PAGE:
Last night on BBC3 I watched a harrowing documentary film about the plight of women in the Democratic Republic of Congo (DRC). If you haven’t seen it, I urge you to take a look and take in the subject matter, then I urge you to tell everyone you know about it and get them to watch it as well.
The programme ‘The world’s most dangerous place for women’ is available right now on BBC iPlayer ( link). I would also suggest that you write to the BBC and request that the film remain available to watch on iPlayer for longer than the default 7 days (30 if you download it).
The story follows a young Congolese woman Judith Wanga (Jude) who was born in DRC but was sent with her older sister to the UK with their uncle at the age of 3. Her parents, sent their two youngest daughters because they feared that the onset of conflict in the region would be dangerous for their daughters and to protect them, they pooled their money and resources to allow them to leave and live and grow up in London, UK.
Wanga is a typical Londoner, but one who, like most first generation immigrants, has deep ties with the country of their birth and the families they have left behind. Up until her return, she had not seen her parents in 20 years. The reunion with her parents at the beginning of the film is lovely, but the purpose of her trip is twofold. To reunite her family and experience the joy of being ‘home’, but more importantly for the wider audience, to highlight the plight of Congolese women who have to endure rape, mutilation, humiliation, torture and death at the hands of Soldiers, Police and Militia in this very troubled part of the world.
Wanga travels to the eastern Congo, close to the Rwandan border, where factions fight for control of the countries mineral and precious metal wealth is taking place. In these regions, rape of women is routinely used to destroy villages and communities and keep them subjugated. It is so commonplace that one of the women in the film, Masika, who has been a victim of rape multiple times said in an interview.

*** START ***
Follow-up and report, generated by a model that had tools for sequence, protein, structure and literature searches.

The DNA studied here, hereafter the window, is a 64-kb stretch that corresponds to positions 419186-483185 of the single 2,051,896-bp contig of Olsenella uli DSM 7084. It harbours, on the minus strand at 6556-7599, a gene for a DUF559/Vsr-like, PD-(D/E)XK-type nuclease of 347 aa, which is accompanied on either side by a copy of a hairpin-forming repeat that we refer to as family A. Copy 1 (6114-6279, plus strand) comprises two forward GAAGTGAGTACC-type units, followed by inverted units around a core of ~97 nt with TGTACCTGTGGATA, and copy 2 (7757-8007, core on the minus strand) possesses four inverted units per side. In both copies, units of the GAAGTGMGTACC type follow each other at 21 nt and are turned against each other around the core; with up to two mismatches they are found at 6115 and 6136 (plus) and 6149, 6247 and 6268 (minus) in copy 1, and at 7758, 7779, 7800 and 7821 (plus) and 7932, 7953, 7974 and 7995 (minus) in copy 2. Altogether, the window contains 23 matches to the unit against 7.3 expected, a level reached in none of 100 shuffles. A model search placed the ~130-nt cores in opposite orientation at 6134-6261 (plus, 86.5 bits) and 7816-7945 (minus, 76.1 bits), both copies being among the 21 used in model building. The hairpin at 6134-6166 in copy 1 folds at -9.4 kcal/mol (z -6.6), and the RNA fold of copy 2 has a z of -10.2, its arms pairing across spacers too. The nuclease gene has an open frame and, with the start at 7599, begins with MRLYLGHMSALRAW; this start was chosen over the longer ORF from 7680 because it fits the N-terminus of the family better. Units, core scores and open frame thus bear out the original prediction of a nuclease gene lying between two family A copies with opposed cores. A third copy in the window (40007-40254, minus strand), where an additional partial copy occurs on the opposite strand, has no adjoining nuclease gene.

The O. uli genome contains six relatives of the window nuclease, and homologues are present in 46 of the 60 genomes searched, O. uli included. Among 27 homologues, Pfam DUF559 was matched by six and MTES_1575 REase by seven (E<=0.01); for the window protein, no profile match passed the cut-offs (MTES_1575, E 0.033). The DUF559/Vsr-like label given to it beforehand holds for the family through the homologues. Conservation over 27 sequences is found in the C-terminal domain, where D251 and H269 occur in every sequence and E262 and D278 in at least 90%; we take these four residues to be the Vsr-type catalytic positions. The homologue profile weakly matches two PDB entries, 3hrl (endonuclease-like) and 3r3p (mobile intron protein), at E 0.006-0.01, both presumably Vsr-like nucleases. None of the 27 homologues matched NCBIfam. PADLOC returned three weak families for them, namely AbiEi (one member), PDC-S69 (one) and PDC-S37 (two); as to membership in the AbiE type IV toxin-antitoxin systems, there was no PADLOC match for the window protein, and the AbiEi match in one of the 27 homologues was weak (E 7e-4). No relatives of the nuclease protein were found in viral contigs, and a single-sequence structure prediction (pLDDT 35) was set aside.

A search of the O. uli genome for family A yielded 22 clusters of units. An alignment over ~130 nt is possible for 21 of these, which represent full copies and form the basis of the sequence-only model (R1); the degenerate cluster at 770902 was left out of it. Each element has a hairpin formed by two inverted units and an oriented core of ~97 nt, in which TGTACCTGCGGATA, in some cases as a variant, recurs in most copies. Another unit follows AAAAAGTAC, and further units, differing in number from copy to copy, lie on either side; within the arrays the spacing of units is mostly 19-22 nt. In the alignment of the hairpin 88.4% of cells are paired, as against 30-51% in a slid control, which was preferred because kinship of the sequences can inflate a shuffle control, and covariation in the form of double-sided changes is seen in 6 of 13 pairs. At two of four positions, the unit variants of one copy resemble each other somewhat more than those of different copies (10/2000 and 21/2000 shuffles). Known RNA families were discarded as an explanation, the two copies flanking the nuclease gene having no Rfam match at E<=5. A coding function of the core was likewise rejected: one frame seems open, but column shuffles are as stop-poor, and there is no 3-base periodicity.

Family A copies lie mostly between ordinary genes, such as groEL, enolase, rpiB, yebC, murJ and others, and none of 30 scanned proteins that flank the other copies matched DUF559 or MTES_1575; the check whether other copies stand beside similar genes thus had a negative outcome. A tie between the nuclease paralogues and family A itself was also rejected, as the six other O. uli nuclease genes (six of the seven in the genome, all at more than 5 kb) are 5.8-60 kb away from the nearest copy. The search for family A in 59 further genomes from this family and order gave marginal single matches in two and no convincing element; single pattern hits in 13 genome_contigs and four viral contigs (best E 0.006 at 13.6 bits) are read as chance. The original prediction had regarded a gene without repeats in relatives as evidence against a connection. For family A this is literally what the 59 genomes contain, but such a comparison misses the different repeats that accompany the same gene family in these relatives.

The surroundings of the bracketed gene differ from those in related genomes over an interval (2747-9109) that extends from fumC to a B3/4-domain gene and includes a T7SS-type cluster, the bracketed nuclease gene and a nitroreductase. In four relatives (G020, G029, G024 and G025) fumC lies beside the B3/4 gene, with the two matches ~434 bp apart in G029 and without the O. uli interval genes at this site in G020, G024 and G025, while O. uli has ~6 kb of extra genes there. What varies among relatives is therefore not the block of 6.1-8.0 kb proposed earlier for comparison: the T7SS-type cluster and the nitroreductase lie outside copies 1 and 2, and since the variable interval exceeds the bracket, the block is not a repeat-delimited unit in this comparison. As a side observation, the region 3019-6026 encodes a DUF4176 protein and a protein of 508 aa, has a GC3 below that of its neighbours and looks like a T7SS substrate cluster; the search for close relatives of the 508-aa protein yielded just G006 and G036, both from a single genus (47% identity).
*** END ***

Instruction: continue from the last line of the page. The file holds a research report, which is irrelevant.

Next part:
‘…a civilian rapes, a policeman rapes, a soldier rapes. Womanhood has been destroyed. A woman has become worthless.’
This statement expressed and read over was one of the most potent comments in the film. Women are brutalised and have to endure the physical and mental suffering that such a personal and violent attack on their body entails. They also have to deal with the potential for disease in the form of HIV and AIDs, pregnancy, and the social isolation and stigma from their family and community. They are more often than not ostracised by their families and thrown out of their homes and villages because of shame. Due to how these women are viewed after an attack and its aftermath regarding social exclusion, it is said that the majority of victims of rape don’t report it to any authority. As a result, official figures are determined to be the tip of the iceberg.
You are left with a feeling of despair, although there is hope in the region with initiatives by women for women, to help rebuild their lives through programmes of education and provision of safe houses and places of recuperation. However, the problems in DRC won’t go away overnight.
The generational aspect and the multiplicity of factors contributing to the continued use of rape as a method of subjugation and torture, including that military commanders are reported to stand over boy soldiers urging them to commit these heinous crimes; The fact that women soldiers participate in the lure and capture of vulnerable women and stand by as their sisters are brutalised, the fact that husbands, brothers, fathers of raped women are able to ‘dispose’ of their women and any babies that may have resulted from the rape, as if they were rubbish, does not bode well for a swift change to social attitudes.
The problem of the use of rape against women in the DRC is one that must be brought into the full glare of the media spotlight. Strategic plans to eradicate the practice and re-educate the Congolese communities and any other communities where this practice is commonplace and systematic must be brought to the UN for action by all member states. The public must be made aware that it exists and must be encouraged to pressure their governments to participate in finding the resources to action such a plan. Commercial enterprises must be strongly encouraged to volunteer substantial resources, finance and otherwise to enable the start, continuity and resolution of strategic initiatives to counteract and support the generations of victims of this horrendous situation.
I only learned what was going on through watching this programme. Thank you, Jude, for agreeing to go and bring this to my attention. I have now brought it to your attention. Do watch it the programme, do read Jude’s article published at Guardian.co.uk, do find out more, find out what you can do. Start a Facebook page or a Twitter campaign. Urge the companies for which you work to make this cause a part of their Corporate Social Responsibility (CSR) programme.
These women need our support. They need our action. Please see the main BBC website, if you read down to the comments, the show’s producer has posted links to charities doing work in this area. Find ways of supporting them in any way that you can. The World’s Most Dangerous Place for Women